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12/17/87 the People of the State of v. Robert Taylor

December 17, 1987

THE PEOPLE OF THE STATE OF ILLINOIS, PLAINTIFF-APPELLEE

v.

ROBERT TAYLOR, DEFENDANT-APPELLANT



APPELLATE COURT OF ILLINOIS, FIRST DISTRICT, FOURTH DIVISION

518 N.E.2d 409, 164 Ill. App. 3d 938, 115 Ill. Dec. 884 1987.IL.1858

Appeal from the Circuit Court of Cook County; the Hon. Michael Close, Judge, presiding.

APPELLATE Judges:

JUSTICE JOHNSON delivered the opinion of the court. McMORROW, P.J., and LINN, J., concur.

DECISION OF THE COURT DELIVERED BY THE HONORABLE JUDGE JOHNSON

Defendant, Robert Taylor, was convicted of armed robbery and murder in a jury trial and resentenced to life imprisonment. It is from this sentence that defendant appeals and raises the following three issues: (1) whether the sentencing court erred in finding, as an aggravating factor, that the homicide occurred during the commission of a burglary; (2) whether the sentencing court erred in imposing a life sentence based on the finding, as an aggravating factor, that the murder was exceptionally brutal and heinous; and (3) whether the sentencing court abused its discretion by imposing a natural life sentence without considering his potential for rehabilitation.

We affirm.

Testimony at trial adduced the following facts. On March 7, 1979, Ronald Howell, who resided at 1157 North Cleveland Avenue in Chicago, Illinois (also known as Cabrini Green Public Housing), and Romy Wright heard gunshots as they descended on the elevator in the Cabrini Green building. When the elevator reached the lobby level, Howell saw a neighbor standing near the stairwell and heard her screaming. Howell then saw Robert Taylor bending over Freddie Lampton's body. Freddie was also a resident of Cabrini Green. Howell testified that as Taylor bent over Freddie's body it appeared as though he removed a watch and something else from decedent's pocket. Once Taylor noticed Howell, he aimed a gun at him, but Howell escaped into the adjoining building. Howell identified Robert Taylor in a lineup and in court as being the man he encountered in the lobby.

Chicago police officer Howard Hagen arrived shortly thereafter and discovered the deceased on the stairwell. Defendant was apprehended on March 9, 1979, by Officer Grandy, who recovered a revolver from defendant's waistband. The revolver was later identified as the weapon used in the murder of Freddie Lampton.

Subsequent to defendant's arrest, on March 10, 1979, Assistant State's Attorney Mary Shropshire, who was assigned to the felony review unit of the State's Attorney's office, had a conversation with defendant. Her partner was present. Shropshire informed defendant that she was not his attorney. After being advised of his Miranda rights, defendant informed Shropshire that on the night in question he was at his aunt's house until 7:30 p.m. He also said that he had not been in Cabrini Green since 1973. In response to questioning concerning the weapon he was carrying when he was arrested, defendant admitted that he had purchased the gun a week earlier. Defendant said he had not given the gun to anyone else and that no one else knew he had a gun.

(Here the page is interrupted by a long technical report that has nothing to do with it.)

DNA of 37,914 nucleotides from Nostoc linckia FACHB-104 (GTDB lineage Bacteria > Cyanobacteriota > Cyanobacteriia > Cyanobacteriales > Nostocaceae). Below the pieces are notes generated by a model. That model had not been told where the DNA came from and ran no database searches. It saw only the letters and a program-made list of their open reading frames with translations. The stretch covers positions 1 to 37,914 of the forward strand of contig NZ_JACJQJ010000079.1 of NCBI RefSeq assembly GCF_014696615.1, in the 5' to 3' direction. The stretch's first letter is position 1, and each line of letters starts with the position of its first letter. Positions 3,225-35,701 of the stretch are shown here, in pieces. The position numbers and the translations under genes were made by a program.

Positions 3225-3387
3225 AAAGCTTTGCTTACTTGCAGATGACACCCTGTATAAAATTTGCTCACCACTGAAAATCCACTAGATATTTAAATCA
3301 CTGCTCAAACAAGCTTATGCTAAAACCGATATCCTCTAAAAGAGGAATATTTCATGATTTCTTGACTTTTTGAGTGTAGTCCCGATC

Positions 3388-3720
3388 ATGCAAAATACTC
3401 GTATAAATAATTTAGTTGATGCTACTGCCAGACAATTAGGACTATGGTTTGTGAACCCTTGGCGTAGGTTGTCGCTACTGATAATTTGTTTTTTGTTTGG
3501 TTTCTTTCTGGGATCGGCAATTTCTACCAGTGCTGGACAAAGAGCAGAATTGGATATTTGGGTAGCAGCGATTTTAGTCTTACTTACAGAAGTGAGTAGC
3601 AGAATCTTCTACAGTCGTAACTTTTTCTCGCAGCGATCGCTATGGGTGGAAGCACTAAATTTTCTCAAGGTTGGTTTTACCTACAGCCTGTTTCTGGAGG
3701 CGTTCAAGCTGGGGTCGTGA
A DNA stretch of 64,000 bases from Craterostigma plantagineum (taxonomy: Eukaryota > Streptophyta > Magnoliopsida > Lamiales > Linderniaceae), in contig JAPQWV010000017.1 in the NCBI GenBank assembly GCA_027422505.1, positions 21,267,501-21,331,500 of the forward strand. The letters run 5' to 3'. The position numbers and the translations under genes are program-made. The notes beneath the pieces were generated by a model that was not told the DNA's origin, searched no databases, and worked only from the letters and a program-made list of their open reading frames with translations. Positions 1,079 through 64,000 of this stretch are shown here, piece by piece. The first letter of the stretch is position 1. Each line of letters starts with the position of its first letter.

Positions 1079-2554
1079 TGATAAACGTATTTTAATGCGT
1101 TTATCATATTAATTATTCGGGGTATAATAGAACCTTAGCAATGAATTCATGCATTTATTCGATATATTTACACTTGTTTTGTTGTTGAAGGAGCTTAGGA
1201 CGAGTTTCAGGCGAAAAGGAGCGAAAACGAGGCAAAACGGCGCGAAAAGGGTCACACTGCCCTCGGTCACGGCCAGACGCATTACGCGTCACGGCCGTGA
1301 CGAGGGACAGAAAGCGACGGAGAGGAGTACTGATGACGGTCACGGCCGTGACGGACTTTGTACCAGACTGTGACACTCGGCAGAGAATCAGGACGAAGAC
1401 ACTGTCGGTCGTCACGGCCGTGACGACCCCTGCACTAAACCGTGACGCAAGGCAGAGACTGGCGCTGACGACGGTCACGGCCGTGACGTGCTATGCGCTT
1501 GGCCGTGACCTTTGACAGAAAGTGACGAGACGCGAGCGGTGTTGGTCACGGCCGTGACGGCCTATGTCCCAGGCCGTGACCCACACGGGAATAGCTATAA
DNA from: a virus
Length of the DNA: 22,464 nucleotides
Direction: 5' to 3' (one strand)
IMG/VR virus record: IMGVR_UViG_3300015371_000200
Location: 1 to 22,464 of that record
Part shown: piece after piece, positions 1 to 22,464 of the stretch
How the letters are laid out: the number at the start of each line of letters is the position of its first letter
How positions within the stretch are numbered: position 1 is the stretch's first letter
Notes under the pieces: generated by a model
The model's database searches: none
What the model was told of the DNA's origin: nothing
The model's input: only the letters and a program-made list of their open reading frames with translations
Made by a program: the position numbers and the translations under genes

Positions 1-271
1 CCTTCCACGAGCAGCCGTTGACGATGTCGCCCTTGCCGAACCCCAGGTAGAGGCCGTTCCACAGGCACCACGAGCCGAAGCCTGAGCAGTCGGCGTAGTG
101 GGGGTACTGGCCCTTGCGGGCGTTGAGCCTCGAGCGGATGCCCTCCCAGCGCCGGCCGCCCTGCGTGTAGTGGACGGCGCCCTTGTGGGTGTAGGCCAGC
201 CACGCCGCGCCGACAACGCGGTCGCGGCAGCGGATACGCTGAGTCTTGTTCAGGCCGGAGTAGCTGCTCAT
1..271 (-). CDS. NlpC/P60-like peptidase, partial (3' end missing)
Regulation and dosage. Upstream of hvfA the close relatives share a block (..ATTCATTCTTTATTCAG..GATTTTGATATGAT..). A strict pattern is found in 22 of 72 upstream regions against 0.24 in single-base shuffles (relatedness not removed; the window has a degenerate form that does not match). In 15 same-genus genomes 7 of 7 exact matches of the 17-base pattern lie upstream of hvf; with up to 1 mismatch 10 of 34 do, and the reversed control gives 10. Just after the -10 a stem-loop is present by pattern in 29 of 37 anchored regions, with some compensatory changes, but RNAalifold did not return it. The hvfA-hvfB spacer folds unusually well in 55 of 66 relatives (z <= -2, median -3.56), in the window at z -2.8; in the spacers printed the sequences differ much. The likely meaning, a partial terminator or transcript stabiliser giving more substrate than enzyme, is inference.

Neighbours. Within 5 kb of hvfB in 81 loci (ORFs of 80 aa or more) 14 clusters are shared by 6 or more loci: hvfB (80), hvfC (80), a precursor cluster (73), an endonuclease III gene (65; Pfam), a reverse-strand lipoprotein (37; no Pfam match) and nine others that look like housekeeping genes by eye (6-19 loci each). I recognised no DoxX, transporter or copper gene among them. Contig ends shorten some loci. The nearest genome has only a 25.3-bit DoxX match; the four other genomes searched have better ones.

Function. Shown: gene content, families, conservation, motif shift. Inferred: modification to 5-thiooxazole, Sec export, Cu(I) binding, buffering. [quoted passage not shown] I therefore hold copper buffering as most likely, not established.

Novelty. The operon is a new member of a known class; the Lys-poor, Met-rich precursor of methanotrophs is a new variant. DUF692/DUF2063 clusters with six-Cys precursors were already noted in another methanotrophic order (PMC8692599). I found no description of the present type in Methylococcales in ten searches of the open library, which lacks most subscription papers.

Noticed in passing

The deceased's wife, Virginia Lampton, testified that her husband's watch and wallet had not been seen since Wednesday, March 7, the day of his murder. She stated that Freddie received his paycheck on Wednesdays. However, Officer Hagen, who examined Freddie's body at the scene of the crime, did not find any identification, wallet, money, or watch on decedent's body.

The court also heard testimony pertaining to two similar incidents which occurred in the same vicinity within a few days of Freddie's murder. The assailant in these incidents also carried a gun -- later identified as the same gun used to murder Freddie Lampton. Both victims positively identified defendant as their assailant. Defendant was found guilty and convicted for these offenses.

In mitigation, defendant presented testimony of Maria Sattar, a counselor and job developer for the Safe Foundation. Miss Sattar opined that defendant appeared to be a very intelligent person who knew what he was doing. Defendant's mother also testified and defendant testified on his own behalf.

At the close of all arguments, the jury rendered a guilty verdict and the court sentenced defendant to 60 years' imprisonment for the armed robbery offense and further sentenced him to death for the murder conviction. On direct appeal, the Illinois Supreme Court in People v. Taylor (1984), 101 Ill. 2d 508, reversed the armed robbery conviction, affirmed the murder conviction, but vacated the death sentence. The court remanded the case to the trial court with directions to impose a sentence other than death for ...


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